Joamette Gil is on fire. Hot on the heels of Power & Magic: The Queer Witch Comics Anthology, Power & Magic Press is back with a new anthology called Immortal Souls (The Next Queer Witch Comics Anthology). The response to Gil's previous call for submissions was overwhelming, and not every piece could be included in the original
Joamette Gil is on fire. Hot on the heels of Power & Magic: The Queer Witch Comics Anthology, Power & Magic Press is back with a new anthology called Immortal Souls (The Next Queer Witch Comics Anthology). The response to Gil’s previous call for submissions was overwhelming, and not every piece could be included in the original anthology. But Gil has made room for them in this new anthology, now on Kickstarter. “They’re part of a special batch whose stories came just shy of inclusion in volume one,” explains Gil. “There was a unifying reason they weren’t accepted: their stories all had a strong theme of death, the afterlife, and spirit-based magic running through out. These stories are excellent while leaning darker, so I decided to create IMMORTAL SOULS as a space for them.” As such, Gil’s coven of creators has expanded to include Amber Huff, Ani Mackie, Ayanni C. Hanna, Clara Em, Francis Quintero, Lira Kraunik, Melanie Tingdahl, Nyka, Patdag, Sonia Liao, Sunny Ôchumuk, and Yeon Kyung Cha.
Gil has learned a lot from running her first successful Kickstarter, including, “The ins and outs of USPS, how freight is delivered, which print shop in town is the best, who sells the most affordable shipping supplies, etc. I think the hardest-learned lesson from last time was… timing. Always give yourself much more time to complete something than you think is necessary. That’s what I would tell myself if I had a time machine.” For IMMORTAL SOULS, the KS has a much longer stretch before fulfillment is promised (March 2018); creators had several more months to work on their stories than the previous group did, and deadlines were not immutable but definitely less so than before.
When I interviewed Gil last year, I asked her how an anthology like this could have helped to shape her life if it had been available in her youth. For Immortal Souls, I decided to put the same question to its contributors. Here’s what some of them have to say:
I liked another girl for the first time when I was eleven. I didn’t even realize back then I liked her like that, I just spent a lot of time looking at her and thinking ‘wow, she’s so pretty,’ and tried to be her best friend and got mad when other kids played with her without me around. When I liked a boy the same way, however, I did know it wasn’t just as friends right away. Because that’s what the world tells you: if you feel giddy and get stomach butterflies, you like a person, as long as they’re of the opposite gender (and there’s only two of those, of course).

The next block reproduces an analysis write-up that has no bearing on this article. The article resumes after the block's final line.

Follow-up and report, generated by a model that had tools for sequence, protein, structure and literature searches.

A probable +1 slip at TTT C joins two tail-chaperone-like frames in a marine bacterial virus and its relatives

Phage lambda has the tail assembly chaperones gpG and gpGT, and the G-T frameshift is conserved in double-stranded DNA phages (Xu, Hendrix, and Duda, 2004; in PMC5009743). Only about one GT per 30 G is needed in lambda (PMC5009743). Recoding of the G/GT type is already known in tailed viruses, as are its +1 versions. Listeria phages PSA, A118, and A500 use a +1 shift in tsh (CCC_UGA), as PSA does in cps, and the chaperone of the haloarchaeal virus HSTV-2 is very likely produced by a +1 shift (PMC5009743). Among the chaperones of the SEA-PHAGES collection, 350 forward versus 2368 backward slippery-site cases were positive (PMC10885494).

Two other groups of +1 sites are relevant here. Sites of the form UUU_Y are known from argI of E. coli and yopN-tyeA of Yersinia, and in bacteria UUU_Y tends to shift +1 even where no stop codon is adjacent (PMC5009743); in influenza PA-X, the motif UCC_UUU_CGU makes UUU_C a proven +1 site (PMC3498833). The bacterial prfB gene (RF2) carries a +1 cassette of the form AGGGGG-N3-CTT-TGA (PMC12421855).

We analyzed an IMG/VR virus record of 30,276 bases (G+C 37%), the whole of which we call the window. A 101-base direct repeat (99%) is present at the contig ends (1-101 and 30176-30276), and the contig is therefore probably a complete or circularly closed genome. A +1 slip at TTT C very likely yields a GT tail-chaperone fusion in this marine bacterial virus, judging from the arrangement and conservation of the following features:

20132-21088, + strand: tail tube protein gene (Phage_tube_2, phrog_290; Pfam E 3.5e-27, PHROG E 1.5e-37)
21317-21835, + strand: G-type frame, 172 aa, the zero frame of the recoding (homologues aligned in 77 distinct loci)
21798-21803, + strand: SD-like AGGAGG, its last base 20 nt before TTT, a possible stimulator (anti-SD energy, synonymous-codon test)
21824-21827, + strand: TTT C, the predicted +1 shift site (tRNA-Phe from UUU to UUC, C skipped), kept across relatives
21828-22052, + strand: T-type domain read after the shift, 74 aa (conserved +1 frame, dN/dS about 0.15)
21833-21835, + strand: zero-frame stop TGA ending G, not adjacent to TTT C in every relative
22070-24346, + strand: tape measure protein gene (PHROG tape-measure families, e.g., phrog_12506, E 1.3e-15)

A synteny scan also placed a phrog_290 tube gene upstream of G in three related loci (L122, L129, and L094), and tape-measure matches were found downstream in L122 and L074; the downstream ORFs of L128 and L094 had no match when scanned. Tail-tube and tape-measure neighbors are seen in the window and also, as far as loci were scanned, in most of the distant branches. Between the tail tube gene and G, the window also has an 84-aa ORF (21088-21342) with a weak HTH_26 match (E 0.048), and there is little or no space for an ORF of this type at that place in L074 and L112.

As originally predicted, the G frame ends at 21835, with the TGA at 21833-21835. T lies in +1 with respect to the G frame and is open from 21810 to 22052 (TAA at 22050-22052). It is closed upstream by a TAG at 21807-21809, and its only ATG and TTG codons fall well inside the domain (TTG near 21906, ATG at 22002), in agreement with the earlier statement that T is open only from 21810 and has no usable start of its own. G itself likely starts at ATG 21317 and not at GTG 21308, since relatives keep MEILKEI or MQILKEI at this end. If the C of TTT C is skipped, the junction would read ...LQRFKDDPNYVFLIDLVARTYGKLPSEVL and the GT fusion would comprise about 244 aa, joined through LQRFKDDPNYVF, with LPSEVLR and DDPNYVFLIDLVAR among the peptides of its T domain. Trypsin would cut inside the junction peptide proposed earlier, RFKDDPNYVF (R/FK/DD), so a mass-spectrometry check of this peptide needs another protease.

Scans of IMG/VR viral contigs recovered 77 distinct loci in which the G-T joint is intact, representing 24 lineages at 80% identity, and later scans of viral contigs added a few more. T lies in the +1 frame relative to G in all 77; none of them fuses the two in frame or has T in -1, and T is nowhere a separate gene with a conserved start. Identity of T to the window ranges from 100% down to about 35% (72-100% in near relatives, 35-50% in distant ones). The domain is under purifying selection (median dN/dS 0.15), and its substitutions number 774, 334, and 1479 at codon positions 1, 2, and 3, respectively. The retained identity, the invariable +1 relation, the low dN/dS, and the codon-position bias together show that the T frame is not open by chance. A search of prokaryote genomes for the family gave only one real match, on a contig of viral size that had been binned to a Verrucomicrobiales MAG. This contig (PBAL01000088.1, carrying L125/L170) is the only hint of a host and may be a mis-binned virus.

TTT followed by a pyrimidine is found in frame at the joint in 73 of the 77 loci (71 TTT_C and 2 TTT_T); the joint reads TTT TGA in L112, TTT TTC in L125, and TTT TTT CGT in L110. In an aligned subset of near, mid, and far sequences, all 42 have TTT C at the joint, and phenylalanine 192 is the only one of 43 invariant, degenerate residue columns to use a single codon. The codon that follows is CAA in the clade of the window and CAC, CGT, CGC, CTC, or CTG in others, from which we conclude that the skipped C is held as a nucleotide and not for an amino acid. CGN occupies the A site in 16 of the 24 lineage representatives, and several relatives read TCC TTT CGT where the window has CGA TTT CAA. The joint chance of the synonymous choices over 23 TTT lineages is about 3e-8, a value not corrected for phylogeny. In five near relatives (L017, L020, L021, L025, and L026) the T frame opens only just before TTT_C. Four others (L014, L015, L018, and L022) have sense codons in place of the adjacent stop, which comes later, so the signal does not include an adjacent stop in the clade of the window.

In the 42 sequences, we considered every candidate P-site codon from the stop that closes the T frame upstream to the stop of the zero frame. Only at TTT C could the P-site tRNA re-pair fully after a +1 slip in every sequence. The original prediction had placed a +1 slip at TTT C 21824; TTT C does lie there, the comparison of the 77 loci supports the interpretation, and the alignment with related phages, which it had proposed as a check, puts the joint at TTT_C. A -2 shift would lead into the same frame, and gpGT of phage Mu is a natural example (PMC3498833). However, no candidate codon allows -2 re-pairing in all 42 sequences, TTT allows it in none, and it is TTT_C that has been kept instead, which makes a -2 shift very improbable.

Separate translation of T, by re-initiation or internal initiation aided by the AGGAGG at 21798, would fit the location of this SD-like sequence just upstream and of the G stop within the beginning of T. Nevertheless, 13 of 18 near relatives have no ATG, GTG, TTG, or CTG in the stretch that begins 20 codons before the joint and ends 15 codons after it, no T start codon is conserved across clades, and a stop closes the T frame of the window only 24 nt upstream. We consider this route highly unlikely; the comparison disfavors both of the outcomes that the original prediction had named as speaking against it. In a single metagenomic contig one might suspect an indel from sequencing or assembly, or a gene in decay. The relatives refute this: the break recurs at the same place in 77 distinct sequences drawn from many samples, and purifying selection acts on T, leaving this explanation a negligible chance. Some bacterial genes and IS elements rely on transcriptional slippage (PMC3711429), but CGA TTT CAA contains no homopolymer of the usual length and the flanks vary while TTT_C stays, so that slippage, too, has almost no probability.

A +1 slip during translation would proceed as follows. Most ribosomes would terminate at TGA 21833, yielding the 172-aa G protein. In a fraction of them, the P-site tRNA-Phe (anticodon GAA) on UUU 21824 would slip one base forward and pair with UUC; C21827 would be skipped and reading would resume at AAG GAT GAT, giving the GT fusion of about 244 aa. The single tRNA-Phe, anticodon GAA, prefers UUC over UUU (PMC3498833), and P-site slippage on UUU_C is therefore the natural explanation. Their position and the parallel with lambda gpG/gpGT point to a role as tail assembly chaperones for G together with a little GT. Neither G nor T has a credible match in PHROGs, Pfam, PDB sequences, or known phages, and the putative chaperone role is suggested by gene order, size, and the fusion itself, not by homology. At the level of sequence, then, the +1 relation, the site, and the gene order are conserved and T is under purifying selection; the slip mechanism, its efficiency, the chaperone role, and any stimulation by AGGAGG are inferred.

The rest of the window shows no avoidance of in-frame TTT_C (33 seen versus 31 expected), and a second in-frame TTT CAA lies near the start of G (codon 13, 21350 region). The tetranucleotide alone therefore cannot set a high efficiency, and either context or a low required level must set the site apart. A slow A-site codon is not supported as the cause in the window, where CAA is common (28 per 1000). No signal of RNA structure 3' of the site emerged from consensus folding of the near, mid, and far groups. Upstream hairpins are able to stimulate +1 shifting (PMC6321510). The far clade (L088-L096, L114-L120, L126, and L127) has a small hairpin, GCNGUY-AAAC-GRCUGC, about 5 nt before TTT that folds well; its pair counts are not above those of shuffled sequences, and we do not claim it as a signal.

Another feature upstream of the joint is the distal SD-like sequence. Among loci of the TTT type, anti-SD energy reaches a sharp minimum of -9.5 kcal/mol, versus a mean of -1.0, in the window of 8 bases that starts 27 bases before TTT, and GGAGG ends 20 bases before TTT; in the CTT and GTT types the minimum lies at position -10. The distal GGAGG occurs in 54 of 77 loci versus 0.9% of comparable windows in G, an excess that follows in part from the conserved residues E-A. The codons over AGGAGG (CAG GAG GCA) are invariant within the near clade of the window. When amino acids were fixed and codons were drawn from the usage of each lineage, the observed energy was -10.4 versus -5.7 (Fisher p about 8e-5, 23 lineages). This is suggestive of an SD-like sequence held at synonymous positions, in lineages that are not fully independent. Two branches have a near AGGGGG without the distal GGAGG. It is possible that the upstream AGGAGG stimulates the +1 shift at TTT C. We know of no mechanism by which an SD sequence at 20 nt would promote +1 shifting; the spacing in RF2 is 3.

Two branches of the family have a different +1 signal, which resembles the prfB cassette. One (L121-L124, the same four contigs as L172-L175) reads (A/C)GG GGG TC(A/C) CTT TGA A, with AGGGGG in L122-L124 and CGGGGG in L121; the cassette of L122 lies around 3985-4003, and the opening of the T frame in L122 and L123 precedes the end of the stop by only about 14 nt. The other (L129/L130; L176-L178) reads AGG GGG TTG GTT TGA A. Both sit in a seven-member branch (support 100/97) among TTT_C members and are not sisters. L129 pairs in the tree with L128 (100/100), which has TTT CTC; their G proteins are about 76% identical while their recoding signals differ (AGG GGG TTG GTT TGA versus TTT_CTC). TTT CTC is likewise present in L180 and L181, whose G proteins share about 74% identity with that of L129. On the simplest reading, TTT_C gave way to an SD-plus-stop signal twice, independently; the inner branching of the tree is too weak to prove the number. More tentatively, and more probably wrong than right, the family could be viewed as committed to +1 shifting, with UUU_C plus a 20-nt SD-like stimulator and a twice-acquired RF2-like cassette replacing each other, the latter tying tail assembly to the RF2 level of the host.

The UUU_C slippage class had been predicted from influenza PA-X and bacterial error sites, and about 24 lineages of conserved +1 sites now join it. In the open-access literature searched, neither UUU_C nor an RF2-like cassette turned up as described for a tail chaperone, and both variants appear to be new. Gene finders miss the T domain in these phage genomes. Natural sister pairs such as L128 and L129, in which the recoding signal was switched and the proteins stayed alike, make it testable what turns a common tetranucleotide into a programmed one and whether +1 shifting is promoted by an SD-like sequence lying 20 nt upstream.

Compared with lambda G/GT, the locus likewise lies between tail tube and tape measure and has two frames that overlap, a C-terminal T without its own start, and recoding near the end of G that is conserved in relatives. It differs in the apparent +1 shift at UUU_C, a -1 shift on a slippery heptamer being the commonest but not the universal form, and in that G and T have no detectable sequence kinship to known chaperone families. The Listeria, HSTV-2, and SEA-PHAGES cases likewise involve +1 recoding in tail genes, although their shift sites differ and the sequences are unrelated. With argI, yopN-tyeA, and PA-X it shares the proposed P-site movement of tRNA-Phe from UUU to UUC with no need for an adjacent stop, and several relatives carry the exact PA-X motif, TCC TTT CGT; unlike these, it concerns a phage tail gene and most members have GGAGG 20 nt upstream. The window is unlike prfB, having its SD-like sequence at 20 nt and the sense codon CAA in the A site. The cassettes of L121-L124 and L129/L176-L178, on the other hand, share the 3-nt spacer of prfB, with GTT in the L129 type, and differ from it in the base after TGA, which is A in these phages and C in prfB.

I loved comics. I learned a lot of things through them. If a book with lots of stories about girls loving each other in a natural way had landed in my hands, I would have probably realized sooner why I felt like crying when Silvia told me she liked someone. And when I realized, I might not have felt so ashamed and scared about it.
I’m a 35 year old woman and my father still doesn’t know I’m bisexual. I’ve introduced him to my boyfriends, but never to my girlfriends, even if I’ve had more meaningful and longer relationships with women than men. When I told my mother about Melissa, whom I had been in love with for over three years, she simply said ‘never tell your father.’
If books and other media had shown me it was normal, I might be different now. Braver. If books and media had told my parents it’s a normal thing, then I wouldn’t probably live with one foot permanently inside the closet.
I know now it’s normal. If I ever have nieces or nephews, I will tell them it’s normal. They won’t go through this. They will have books and movies that will tell them ‘hey, look, nothing wrong here, just be yourself, it’s as normal as being straight’. And that’s why it’s so important to me to write and draw stories like this, they matter so so much, we’re helping reshape society a little. A book like this one matters. It would have helped me, and it will help others.
Sunny Ôchumuk — ‘Mahk Jchi’
If a Power and Magic Press anthology had been available to me in my youth, I think it would have helped me come into my own a lot sooner. In my early childhood, I can remember clinging to characters like Captain Janeway in Star Trek Voyager and Hermione Granger in Harry Potter. I clung to them in a similar way I grab for food when I’m hungry. Complicated roles for women were just not around or not enough in my life, much less women of color.